Spotlight: Slave Ships and the Middle Passage

I’m going to go ahead and admit to some frustration here: what is up with people who want to apologize for slavery? I’m thinking in particular about a commenter on this post, who implies (without evidence) that we are guilty of presentism and then seems to defend the barbaric punishment of an enslaved man whose only crime was to resist his enslavement—which even the commenter admits is “immoral.”But it’s more than just one commenter. There’s this dude, too, making the case that slaves in America actually had it pretty good, all things considered. Meanwhile, a commenter on our Facebook page (please “Like” us!), argued that the “Confederate Heritage Movement” is about “honoring memory” more than anything else. I have no way to know for sure; all I can say is that the need not simply to honor ancestors but to justify their beliefs—in secession, in slavery—represents its own kind of presentism.
All of which serves as a throat-clearing introduction to the news that we have just published our entry on Slave Ships and the Middle Passage. For me, anyway, the article is a reminder of the terrible violence and dislocation that came with enslaving Africans and shipping them to America, and that the violence was perpetrated by Europeans and Africans alike.

Africans lived in terror on the slave ships. Many of them had been separated from their friends, families, and communities when first captured, and then separated again aboard ship. They were the victims of often-terrible punishments and sexual exploitation, and many believed that the white men planned to kill and eat them. (This misapprehension was actually encouraged by some African elites who manipulated their people with the fear of enslavement.) Africans did resist, however. Some committed suicide by jumping overboard, while others refused to eat. The latter were fed with the help of the speculum oris, a scissors-shaped instrument that, with the help of a thumbscrew, forced the jaws open. Officers often treated hunger strikers with special force because such acts of resistance were prone to spread.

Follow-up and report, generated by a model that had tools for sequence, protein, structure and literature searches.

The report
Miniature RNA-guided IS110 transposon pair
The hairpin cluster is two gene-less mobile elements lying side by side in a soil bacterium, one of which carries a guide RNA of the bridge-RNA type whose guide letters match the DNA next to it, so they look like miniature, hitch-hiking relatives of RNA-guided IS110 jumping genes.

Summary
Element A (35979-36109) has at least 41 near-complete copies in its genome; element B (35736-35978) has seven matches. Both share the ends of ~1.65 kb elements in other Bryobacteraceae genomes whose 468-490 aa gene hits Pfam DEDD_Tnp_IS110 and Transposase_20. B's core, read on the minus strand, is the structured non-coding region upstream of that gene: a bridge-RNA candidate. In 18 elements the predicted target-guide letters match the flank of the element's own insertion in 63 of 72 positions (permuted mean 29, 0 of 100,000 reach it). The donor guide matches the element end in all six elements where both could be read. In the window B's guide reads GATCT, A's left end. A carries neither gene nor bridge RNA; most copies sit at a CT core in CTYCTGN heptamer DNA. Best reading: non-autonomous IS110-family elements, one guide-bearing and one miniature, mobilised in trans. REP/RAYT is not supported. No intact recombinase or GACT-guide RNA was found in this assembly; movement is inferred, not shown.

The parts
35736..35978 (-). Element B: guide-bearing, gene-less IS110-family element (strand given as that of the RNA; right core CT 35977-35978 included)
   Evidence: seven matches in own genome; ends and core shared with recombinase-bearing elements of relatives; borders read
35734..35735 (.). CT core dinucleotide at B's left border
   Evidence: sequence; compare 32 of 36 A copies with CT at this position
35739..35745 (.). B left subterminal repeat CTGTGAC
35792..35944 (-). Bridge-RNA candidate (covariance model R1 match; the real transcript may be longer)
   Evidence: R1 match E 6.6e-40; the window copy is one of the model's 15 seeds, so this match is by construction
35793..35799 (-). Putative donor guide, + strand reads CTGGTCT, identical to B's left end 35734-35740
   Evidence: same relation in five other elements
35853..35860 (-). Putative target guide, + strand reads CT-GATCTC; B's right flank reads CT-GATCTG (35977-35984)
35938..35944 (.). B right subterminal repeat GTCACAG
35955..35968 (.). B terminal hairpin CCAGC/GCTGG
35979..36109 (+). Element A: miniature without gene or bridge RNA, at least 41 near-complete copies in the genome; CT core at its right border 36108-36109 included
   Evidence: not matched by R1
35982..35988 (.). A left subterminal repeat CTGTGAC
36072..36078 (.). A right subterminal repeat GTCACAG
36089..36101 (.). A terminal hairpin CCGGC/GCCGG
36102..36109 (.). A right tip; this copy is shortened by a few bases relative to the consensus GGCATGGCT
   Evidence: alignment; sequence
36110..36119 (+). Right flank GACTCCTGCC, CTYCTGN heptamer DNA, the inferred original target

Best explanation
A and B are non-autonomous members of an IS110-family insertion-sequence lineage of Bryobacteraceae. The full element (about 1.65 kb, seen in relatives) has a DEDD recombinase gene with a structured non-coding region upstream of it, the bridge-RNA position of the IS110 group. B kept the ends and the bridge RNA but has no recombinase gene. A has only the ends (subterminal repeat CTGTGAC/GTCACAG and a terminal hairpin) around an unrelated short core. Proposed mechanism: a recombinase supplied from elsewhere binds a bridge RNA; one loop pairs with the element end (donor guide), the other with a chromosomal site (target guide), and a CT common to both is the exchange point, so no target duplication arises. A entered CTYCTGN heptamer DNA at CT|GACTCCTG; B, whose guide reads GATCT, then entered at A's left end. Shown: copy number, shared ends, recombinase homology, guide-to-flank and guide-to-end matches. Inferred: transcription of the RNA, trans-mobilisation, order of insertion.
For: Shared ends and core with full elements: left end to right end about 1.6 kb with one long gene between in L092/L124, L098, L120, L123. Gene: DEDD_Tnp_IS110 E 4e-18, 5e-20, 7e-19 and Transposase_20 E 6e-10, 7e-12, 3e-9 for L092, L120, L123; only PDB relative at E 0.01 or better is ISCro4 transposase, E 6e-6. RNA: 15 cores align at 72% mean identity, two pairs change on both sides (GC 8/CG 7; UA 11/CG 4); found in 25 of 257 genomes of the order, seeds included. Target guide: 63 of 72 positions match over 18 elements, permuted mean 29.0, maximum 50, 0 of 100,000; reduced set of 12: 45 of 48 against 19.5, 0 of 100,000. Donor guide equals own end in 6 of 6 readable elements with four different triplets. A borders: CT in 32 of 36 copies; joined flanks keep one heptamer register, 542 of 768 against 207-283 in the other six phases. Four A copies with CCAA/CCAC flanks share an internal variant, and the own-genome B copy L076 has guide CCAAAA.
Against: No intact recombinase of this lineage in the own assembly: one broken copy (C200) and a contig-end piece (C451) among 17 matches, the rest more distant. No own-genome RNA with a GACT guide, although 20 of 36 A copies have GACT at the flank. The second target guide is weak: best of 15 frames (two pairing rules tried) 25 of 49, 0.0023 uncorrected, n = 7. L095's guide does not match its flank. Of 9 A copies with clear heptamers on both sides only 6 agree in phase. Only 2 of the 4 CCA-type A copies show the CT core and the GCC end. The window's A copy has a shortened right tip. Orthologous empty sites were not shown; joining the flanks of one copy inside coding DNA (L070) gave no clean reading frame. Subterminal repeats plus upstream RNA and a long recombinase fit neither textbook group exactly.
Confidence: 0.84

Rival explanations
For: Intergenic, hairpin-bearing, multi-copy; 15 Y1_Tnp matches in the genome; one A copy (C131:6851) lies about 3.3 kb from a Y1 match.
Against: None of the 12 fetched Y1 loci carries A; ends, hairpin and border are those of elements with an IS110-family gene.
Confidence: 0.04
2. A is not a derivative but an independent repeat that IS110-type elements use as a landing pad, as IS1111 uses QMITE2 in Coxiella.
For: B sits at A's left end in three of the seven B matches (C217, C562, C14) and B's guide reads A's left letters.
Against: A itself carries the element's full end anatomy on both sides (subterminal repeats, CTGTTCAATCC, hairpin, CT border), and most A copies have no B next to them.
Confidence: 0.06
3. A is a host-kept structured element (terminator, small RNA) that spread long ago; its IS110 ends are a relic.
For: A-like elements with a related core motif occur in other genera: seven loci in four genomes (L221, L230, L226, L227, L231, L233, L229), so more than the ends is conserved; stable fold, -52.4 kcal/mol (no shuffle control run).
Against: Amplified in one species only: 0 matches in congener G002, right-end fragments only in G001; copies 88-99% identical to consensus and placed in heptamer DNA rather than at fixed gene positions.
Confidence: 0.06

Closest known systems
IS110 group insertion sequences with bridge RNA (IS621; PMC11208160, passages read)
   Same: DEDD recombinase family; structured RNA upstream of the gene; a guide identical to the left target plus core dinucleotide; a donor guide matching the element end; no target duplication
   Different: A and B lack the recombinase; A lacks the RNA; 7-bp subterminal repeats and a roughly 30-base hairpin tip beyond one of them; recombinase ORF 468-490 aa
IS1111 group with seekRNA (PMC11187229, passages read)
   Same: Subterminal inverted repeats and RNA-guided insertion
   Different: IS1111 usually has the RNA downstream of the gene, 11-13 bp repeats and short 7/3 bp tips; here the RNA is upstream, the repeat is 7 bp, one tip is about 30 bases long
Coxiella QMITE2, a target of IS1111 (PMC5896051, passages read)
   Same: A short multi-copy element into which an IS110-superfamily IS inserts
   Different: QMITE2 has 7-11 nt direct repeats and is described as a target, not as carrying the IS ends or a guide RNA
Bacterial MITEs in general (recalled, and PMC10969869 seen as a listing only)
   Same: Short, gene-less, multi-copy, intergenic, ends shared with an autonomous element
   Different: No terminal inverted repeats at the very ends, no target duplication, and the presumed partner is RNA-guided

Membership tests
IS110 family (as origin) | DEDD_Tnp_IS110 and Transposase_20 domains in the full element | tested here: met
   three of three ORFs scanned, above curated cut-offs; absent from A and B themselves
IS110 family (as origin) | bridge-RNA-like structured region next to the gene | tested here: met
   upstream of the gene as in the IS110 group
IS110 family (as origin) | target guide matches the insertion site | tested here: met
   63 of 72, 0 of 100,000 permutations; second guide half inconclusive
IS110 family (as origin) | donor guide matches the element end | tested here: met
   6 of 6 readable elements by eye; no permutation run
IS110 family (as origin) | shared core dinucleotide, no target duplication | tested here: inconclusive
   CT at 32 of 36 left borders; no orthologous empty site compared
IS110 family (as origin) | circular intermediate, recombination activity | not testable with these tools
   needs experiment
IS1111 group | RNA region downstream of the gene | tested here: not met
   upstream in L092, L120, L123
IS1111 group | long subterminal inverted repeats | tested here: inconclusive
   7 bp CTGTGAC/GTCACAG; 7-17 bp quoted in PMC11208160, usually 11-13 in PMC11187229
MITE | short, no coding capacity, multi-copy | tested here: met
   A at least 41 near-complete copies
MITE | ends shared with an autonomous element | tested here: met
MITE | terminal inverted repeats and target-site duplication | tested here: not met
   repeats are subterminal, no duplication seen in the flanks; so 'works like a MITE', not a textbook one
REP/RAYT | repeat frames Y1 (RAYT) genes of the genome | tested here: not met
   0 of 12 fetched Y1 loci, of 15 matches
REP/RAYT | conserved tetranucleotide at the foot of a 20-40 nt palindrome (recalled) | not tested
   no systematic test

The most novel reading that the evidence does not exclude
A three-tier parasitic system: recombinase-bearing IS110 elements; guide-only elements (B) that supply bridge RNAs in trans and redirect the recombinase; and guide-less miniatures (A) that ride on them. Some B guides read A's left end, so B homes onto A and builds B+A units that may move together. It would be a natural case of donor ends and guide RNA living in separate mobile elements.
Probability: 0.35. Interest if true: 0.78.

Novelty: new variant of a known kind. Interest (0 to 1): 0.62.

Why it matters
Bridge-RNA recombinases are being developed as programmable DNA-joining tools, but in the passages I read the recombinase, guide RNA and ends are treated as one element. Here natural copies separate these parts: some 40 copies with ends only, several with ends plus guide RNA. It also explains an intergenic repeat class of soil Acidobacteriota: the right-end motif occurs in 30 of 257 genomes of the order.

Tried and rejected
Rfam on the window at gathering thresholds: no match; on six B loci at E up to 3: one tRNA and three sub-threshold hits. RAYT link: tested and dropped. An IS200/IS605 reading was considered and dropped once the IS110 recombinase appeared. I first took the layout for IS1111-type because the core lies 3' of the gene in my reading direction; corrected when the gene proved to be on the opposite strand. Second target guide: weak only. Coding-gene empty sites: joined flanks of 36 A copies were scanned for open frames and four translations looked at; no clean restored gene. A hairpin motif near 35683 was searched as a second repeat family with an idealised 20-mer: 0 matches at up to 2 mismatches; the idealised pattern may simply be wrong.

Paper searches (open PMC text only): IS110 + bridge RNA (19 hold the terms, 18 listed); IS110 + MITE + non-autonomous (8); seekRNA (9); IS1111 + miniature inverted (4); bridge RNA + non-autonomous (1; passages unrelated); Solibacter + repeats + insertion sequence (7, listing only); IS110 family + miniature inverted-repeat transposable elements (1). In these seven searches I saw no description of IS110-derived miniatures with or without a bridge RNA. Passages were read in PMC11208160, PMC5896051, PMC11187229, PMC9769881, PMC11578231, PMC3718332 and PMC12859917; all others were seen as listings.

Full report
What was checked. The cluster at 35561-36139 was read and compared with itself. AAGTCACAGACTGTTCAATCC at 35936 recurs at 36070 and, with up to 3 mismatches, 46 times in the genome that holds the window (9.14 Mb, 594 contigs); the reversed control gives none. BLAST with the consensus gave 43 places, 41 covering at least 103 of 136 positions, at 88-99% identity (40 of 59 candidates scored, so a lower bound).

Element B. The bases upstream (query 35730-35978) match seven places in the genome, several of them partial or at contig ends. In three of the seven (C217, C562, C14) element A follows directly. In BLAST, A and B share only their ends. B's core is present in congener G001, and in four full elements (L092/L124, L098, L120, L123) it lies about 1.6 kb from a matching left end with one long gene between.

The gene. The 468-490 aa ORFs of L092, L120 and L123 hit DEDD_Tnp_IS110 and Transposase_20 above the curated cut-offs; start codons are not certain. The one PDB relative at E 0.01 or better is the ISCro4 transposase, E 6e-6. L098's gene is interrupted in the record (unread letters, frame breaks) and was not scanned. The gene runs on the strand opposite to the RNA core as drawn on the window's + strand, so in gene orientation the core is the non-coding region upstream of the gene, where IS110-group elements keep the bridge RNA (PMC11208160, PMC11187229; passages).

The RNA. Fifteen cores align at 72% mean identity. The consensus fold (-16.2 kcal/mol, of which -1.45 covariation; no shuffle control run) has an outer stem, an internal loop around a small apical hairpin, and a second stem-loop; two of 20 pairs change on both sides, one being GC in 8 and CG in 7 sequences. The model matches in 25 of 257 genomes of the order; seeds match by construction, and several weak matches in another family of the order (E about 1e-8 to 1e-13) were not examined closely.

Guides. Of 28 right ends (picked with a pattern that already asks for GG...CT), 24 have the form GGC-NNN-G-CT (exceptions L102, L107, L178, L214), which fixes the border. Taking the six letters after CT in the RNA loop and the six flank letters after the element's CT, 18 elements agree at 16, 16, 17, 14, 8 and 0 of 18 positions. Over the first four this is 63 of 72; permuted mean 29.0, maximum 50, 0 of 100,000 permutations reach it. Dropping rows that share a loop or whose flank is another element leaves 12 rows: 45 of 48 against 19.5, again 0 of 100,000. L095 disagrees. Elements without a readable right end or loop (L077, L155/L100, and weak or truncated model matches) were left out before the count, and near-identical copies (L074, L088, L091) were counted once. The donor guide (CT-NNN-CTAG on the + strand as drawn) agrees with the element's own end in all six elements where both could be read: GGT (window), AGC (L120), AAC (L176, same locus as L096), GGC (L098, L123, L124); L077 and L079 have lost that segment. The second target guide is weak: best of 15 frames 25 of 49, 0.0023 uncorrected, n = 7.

The crew of slave ships were also the victims of disease and violence. According to one historian, “Half of all Europeans who journeyed to West Africa in the eighteenth century, most of them seamen, died within a year.”
While you’re visiting the entry, click on the many primary-source documents linked to therein. They’re a fascinating and often disturbing look at a system too many then, and too many even today, saw fit to defend.
IMAGE: An anti–slave trade cartoon published in London in 1792; the captain depicted was tried and acquitted for the murder of a slave girl (Library of Congress)


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